Anyone under investigation by the CID needs a competent criminal tax lawyer as soon as an agent makes contact. The attorneys at Odom, Davis & Hobson have been handling criminal tax cases for over 40 years. We have walked numerous clients through the process outlined above with good results. We deal with criminal tax cases on a daily basis, and understand the laws and procedures in this area. If we are unsuccessful in resolving the case civilly, our tax fraud lawyers are experienced litigators who are ready to take these cases to trial.

We have two important goals in any criminal tax case. First, convince the government the case should be handled by the civil department. Second, if the case does end in a criminal indictment, to build a defense against the allegations and take the facts before a jury.

Recent Cases

In 2019, Brian Hobson and Wendell Odom successfully pulled two cases out of the CID and back under civil audit.  Both cases involved allegations of businesses underreporting income.  Both clients are no longer in the criminal system, and prison time is off the table.

Leave your criminal tax case in the hands of qualified tax fraud lawyers.

Contact us today for a consultation.

Below are various articles written by our attorneys relating to criminal tax matters:

1.  The Failure of Constitutional challenges to the Federal Income Tax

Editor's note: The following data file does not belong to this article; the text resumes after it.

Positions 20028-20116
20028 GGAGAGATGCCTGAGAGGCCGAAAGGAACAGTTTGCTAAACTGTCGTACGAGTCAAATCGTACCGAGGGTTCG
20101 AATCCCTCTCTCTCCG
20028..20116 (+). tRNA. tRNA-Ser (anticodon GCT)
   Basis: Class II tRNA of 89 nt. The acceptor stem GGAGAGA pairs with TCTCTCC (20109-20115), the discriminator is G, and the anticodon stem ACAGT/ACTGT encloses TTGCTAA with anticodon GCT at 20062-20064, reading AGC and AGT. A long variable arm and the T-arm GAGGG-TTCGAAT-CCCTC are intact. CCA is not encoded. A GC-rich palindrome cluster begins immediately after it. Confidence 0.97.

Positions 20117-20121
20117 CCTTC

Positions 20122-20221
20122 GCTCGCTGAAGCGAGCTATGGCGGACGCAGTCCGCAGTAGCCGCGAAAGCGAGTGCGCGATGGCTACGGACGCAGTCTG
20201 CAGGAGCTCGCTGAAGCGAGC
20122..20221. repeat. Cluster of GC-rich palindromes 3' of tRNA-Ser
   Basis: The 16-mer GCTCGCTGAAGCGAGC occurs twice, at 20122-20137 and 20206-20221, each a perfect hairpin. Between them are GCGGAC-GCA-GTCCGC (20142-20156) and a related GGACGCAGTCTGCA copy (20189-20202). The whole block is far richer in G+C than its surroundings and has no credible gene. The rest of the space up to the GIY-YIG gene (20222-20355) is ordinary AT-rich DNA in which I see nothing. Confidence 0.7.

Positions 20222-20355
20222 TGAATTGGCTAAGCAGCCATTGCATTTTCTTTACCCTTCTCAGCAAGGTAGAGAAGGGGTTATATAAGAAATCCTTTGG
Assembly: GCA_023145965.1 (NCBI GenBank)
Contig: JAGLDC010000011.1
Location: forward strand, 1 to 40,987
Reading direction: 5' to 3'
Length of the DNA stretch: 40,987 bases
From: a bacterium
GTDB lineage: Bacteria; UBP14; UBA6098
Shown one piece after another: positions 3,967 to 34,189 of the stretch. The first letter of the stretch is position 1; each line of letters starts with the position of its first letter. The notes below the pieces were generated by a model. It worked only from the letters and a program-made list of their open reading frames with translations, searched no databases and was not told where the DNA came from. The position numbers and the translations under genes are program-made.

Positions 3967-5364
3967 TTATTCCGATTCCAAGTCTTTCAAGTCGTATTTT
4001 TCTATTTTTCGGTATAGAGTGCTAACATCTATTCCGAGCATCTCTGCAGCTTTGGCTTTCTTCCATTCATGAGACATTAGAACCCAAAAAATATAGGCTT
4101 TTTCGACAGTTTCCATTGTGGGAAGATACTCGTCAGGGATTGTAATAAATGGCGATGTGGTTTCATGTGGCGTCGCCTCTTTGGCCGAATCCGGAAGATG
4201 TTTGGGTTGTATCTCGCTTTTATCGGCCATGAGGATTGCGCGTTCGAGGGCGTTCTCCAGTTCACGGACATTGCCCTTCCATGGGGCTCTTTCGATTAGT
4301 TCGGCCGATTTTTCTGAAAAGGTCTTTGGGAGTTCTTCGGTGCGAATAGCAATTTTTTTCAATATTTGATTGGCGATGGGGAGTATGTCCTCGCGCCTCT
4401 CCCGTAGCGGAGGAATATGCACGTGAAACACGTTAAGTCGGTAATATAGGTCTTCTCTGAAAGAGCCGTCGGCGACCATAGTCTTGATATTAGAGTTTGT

2. The Distrust of Foreign Accounts – FBAR and Criminal Tax  

3. Admit the Crime or Lose the Deduction

4. Methods to the Madness – Calculating Tax Deficiency 

5. Spies v. United States – When Failure to File Becomes Tax Evasion

6. Criminal Tax Sentencing Statistics for 2017

7. The IRS Whistleblower Statute – Informant Awards

8. Criminal Tax Sentencing: Eye on the Tax Loss

9. Curtailing Judicial Discretion – Federal Sentencing (Part One)

10. Curtailing Judicial Discretion – Federal Sentencing (Part Two)

11. SCOTUS Narrows Obstruction in Criminal Tax Cases

12. IRS Investigations into the Crypto Market

13. New Kid on the Block: Criminal Tax and the Crypto Market

14. Cheek v. United States – Ignorance as  Defense to Tax Fraud

15. Anatomy of a Criminal Tax Case: Part One

16. Anatomy of a Criminal Tax Case: Part Two


Contact us today
for a consultation

We Stay in the Know

Criminal Tax Defense Articles

Anatomy of a Criminal Tax Case: Part Two

ANATOMY OF A CRIMINAL TAX CASE: PART TWO           Wendell Odom Before tackling a criminal tax case, one needs...

Anatomy of a Criminal Tax Case: Part One


Criminal Tax Defense – Ignorance of the Law and Cheek v. United States

Criminal Tax Defense - Ignorance of the Law and Cheek v. United States Brian T. Hobson In most...

Latest Blogs & News

Developing the Record – Motion for New Trial

Following a conviction, a criminal defendant is entitled to file a motion for new trial within 30 days...

Double Jeopardy and Criminal Tax Litigation

The Fifth Amendment to the United States Constitution holds various protections for criminal defendants.  One of the more...

Attacking the CID Summons Through the 5th Amendment

A criminal tax case often begins when the Criminal Investigation Division of the IRS (CID) serves a summons...